SA’s lowest economic freedom scores are in: government consumption as a percentage of total consumption (4.79), top marginal tax rate (5.0), top marginal tax rate and payroll taxes (4.00), integrity of the legal system– including the effects of crime (4.00), legal enforcement of contacts (3.93), freedom to own foreign currency (5.00), international capital controls (0.77), minimum wages (2.09), hiring and firing regulations (2.16), centralised collective bargaining (4.04), price controls (5.00), business regulation – administrative requirements (2.81). Anyone familiar with SA’s economy will immediately recognise that the study highlights aspects that have the most negative consequences for the economy.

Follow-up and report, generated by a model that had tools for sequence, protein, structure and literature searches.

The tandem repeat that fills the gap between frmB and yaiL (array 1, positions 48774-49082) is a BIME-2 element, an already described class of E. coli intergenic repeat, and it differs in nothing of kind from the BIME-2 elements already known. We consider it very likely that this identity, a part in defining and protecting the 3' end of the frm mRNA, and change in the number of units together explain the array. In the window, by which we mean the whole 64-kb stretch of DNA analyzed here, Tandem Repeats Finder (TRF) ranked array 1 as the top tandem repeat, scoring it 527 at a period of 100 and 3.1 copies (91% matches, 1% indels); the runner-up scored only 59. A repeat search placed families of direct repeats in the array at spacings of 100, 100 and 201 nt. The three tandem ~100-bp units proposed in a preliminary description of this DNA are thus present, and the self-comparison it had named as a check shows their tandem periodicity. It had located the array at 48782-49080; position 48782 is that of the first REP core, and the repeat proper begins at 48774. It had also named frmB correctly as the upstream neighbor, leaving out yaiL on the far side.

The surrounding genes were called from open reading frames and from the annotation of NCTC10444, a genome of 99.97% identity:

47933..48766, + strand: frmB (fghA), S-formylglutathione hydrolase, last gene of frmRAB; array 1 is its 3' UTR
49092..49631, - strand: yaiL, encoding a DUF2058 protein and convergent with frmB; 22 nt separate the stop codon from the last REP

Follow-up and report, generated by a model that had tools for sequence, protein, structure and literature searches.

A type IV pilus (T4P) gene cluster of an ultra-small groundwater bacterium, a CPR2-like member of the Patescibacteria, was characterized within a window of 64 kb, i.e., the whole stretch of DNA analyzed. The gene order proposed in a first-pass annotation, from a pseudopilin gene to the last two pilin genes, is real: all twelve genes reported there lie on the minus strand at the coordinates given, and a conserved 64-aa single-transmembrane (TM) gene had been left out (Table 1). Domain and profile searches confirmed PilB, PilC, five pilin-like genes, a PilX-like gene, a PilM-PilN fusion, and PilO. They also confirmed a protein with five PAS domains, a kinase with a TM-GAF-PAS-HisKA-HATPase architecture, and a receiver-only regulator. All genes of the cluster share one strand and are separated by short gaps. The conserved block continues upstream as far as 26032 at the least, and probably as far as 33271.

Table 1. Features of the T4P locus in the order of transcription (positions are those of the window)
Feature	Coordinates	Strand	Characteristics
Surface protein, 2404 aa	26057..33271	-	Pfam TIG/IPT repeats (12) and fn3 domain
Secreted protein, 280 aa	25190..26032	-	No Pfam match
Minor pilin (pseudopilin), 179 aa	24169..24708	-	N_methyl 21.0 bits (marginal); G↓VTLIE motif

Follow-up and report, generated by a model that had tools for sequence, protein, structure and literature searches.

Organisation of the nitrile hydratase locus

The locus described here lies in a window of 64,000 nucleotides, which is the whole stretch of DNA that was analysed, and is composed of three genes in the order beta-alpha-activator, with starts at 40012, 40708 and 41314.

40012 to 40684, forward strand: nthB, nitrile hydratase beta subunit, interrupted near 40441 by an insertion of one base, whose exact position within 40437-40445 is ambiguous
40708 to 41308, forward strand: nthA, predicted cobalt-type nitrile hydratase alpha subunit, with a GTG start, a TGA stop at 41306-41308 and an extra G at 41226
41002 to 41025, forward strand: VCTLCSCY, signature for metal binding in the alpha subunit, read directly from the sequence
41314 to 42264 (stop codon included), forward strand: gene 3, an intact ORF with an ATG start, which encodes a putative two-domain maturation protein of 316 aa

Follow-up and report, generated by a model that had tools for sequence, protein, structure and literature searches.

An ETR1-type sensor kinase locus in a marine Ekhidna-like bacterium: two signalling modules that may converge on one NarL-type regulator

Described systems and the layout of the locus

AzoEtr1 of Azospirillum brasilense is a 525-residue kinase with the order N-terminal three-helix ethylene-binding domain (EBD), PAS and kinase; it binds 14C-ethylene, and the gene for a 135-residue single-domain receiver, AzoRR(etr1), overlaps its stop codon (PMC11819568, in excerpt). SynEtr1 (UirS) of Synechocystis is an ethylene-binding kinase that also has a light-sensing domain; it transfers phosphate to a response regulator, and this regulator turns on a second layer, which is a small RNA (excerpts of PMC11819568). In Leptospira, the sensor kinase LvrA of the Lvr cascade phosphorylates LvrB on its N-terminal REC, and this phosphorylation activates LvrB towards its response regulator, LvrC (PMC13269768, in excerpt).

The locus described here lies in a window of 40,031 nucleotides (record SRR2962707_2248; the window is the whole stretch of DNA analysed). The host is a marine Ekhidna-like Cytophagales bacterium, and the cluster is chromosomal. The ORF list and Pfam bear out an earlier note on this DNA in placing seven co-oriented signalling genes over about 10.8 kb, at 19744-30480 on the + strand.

In considering these issues it is critically important for policy makers to remember that it is not for the benefit of the wealthy or even middle income South Africans that the less-free aspects of the economy need to be reformed. The reforms will improve the conditions and future prospects of the poorest members of the population. The government can either leave the poor mired in poverty or reform its policies and provide them with a better future. To borrow a phrase from Milton and Rose Friedman, government is “free to choose”.

Author: Eustace Davie is a director of the Free Market Foundation. This article may be republished without prior consent but with acknowledgement to the author. The views expressed in the article are the author’s and are not necessarily shared by the members of the Foundation.

FMF Feature Article / 16 September 2008